Egyptian Gazette, Cairo, Sept. 3: The world's failure to treat the Palestinians and Israelis on an equal footing underlines the long-running conflict, which is threatening a big explosion and uncontrollable chaos in the region. The latest shocking proof was how the world, primarily the U.S., reacted to a series of cold-blooded killings perpetrated by Israel against Palestinian civilians at the weekend.
Not a single voice was raised in the U.S., which has been unsparing about heaping the blame on Palestinians, to censure the Israeli perpetrators, let alone demand they be brought to justice.
This questionable and unethical silence starkly contradicts the typical American response every time Palestinians mount retaliatory bombings against their oppressors. More than once, President George W. Bush came out to condemn the Palestinians, branding them as "killers" and "terrorists." He has eventually bought Israeli Prime Minister Ariel Sharon's allegation that what he is doing to the Palestinians is a regional war on terrorism.
If the Israelis are to feel secure, the Palestinians too must feel that their lives are no less valuable. If not, then expect the worst.
Corriere della Sera, Milan, Sept. 4: Although last year's terrorist attacks in New York and Washington and recent environmental disasters have slowed down economic growth, modern consumption habits continue to endanger the survival of the earth's different ecosystems and to pollute the atmosphere.
Unfortunately, it appears very difficult to change these habits and to reduce the consumption of electricity and fuel.
Will it be possible in the future to develop a technology which is more compatible with the ecology? How long will it still be possible to produce goods and services at the frenzied rhythm of the last decades?
No easy answers
These are the two main questions that the summit on sustainable development in Johannesburg has been asking the West, but nobody has an answer yet. To provide this answer is as difficult as controlling the birthrate in underdeveloped and overpopulated countries.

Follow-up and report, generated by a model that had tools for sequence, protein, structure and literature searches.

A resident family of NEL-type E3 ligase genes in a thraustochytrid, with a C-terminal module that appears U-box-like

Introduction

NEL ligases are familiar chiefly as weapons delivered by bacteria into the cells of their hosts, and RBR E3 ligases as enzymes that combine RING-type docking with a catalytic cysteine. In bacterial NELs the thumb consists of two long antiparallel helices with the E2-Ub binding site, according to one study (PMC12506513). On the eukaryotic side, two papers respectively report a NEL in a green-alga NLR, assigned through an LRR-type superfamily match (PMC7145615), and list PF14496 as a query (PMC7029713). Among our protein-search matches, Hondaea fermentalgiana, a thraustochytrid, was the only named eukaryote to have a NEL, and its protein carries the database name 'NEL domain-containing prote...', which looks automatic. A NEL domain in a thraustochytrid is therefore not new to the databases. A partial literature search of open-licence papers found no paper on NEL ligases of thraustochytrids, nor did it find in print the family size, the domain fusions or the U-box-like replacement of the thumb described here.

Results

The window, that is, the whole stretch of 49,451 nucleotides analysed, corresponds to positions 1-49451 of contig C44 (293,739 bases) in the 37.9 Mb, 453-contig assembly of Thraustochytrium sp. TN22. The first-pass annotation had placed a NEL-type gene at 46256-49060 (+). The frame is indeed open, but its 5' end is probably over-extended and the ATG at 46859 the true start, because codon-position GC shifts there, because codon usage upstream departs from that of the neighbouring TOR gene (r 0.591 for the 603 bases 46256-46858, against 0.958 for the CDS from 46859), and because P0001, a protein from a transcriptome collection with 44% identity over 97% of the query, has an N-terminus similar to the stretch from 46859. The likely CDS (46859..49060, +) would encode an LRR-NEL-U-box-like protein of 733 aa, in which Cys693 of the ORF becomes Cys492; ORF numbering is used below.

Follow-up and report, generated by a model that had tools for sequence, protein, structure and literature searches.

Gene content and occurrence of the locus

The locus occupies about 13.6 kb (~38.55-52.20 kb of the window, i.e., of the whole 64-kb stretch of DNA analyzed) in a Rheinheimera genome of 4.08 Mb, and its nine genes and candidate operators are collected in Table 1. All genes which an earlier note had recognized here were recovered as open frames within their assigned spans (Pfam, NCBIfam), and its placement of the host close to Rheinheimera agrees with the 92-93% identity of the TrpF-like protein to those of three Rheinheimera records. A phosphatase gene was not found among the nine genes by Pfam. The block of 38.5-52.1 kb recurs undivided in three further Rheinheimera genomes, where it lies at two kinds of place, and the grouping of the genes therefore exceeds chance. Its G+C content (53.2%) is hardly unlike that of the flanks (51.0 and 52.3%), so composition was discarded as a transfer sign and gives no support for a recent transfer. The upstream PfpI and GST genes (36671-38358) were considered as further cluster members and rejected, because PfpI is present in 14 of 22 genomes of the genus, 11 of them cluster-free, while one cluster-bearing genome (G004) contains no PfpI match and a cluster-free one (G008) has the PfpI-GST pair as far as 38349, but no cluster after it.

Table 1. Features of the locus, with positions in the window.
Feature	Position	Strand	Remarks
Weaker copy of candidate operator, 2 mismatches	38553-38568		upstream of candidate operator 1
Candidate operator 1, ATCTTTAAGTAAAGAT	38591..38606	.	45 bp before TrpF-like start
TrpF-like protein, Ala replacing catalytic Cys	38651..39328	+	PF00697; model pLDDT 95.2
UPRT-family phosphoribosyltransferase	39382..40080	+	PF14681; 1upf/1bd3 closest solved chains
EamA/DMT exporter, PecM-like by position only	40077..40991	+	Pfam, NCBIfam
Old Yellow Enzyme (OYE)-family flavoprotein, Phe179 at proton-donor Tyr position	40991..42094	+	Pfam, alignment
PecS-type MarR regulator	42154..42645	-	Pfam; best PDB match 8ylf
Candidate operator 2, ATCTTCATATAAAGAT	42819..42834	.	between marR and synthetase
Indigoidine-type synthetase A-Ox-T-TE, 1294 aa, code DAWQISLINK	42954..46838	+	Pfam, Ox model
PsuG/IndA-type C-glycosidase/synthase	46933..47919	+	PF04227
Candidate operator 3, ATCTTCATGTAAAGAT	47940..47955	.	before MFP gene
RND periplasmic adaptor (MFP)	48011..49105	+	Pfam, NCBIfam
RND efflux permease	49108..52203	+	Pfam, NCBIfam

Evidently the main problem for our society remains that of unlimited growth in the face of limited resources. For now this contradiction is only being tackled by words rather than deeds, although discussions on the issues involved are still necessary to inform people of what is at stake.
Dagens Nyheter, Stockholm, Sept. 3: It was the usual words when Zimbabwe's President Robert Mugabe climbed the rostrum in Johannesburg on Monday. The tone against the rest of the world, particularly against England, was harsh. His statement shows how ineffective the efforts of the world around have been.
The EU, the U.S. and other actors have expressed demands, initiated sanctions. But nothing has helped. The proposals in Harare have been met by shrugs, or as in Johannesburg, by arrogant counterattacks. The decay of Zimbabwe is tragic. It's all about a relatively rich country and its way toward the brink of disaster.
The country is plundered, corrupt and mismanaged. There is an extensive poverty, the unemployment is high. Zimbabwe can, after 20 years of misgovernment, best be described as a miserably poor dictatorship. Famine is threatening a country, which could have been an exporter of food.